It’s February, so the President’s budget was due to Congress on or before the first Monday of this month. President Obama missed the deadline, but is set to submit it in early March. According to White House officials, the President will ask Congress for about $56 billion for education and job training, but will cut back on defense and domestic spending, while raising taxes on top earners. Likewise, the President would like to make the Earned Income Tax Credit more widely available by eliminating tax benefits elsewhere. Additionally, it does not scale back on the increases to Social Security benefits as last year’s proposal did. Although the budget did not include the cost-of-living adjustment cuts, the President’s staff has said that he would consider it as part of a larger deal to promote fiscal stability for the country. According to the White House, this budget would reduce the Federal deficit to less than 2 percent the GDP over the course of a decade. Democrats have praised the President’s plans, while Republicans have thus far rejected it.
If the Republicans and Democrats are divided over the President’s budget, perhaps they could unite by providing a tax break to a certain group of Americans: U.S. Olympic medalists. Medalists receive cash prizes from the U.S. Olympic Committee, and since the IRS considers this income earned abroad, the awards are subject to a tax, which could be nearly 40 percent for those in the top bracket. In a show of patriotic spirit, Republican Senator John Thune of South Dakota has introduced a bill exempting Olympians from paying taxes on their winnings. Republican Senators Johnny Isakson, Marco Rubio, Mark Kirk, Tim Scott, Roger Wicker, and John Hoeven, and Democratic Senators Chuck Schumer and Kirsten Gillibrand teamed up to co-sponsor the bill. Republican Representative Blake Farenthold of Texas introduced a similar bill in the House.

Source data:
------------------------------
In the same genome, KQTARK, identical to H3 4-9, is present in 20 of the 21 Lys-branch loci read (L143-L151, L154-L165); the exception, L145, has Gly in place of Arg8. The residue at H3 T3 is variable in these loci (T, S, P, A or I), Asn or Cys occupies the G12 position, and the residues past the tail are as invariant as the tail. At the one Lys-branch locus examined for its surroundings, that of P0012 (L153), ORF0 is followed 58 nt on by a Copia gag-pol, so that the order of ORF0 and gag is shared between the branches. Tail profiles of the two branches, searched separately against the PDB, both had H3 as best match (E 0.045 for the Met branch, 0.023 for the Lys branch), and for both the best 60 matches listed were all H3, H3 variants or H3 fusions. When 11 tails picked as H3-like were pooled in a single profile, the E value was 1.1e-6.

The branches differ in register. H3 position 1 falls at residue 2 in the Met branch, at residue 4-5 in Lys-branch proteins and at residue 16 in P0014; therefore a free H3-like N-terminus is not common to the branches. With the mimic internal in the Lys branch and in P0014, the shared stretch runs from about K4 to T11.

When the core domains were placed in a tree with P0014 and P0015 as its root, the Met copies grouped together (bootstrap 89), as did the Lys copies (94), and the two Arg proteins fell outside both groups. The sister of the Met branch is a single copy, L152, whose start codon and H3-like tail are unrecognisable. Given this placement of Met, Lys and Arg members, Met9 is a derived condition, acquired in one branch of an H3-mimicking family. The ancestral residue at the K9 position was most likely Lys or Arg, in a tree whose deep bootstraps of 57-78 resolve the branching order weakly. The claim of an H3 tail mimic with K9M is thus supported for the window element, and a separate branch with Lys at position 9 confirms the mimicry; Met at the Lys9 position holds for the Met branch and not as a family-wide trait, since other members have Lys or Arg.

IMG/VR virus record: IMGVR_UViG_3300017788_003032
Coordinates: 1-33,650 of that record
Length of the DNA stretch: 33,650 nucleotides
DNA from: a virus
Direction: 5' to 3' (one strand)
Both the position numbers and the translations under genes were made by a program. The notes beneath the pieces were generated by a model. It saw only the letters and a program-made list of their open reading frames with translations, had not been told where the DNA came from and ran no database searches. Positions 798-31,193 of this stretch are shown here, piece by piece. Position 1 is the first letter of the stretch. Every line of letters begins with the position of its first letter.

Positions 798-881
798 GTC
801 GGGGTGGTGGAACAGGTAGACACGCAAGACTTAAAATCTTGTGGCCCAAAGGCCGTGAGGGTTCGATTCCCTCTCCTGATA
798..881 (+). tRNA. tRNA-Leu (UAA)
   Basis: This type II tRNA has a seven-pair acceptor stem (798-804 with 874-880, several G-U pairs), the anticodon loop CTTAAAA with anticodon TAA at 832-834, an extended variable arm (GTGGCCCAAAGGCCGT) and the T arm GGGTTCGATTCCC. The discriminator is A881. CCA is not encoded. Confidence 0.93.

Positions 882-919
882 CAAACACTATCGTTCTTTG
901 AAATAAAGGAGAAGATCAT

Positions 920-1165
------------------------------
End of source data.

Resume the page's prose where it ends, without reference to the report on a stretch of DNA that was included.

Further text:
Star actor Ben Affleck has a new leading role this month…on Capitol Hill. He is expected to testify before the Senate Foreign Relations Committee next week to highlight the violence plaguing the Democratic Republic of Congo. Star testimony is not unheard of on the Hill, but it is not surprising if it raises eyebrows, because it is reasonable to assume—probably correctly—that they are not experts on the topic, or at least that there are others who are more knowledgeable. Affleck has testified on the topic before and has also founded the Eastern Congo Initiative, an organization that works to secure funding for the country and raise “awareness about the tremendous need in the region through highly targeted media and advocacy activities”.
And for our latest post: Are Most Members of Congress Really Millionaires?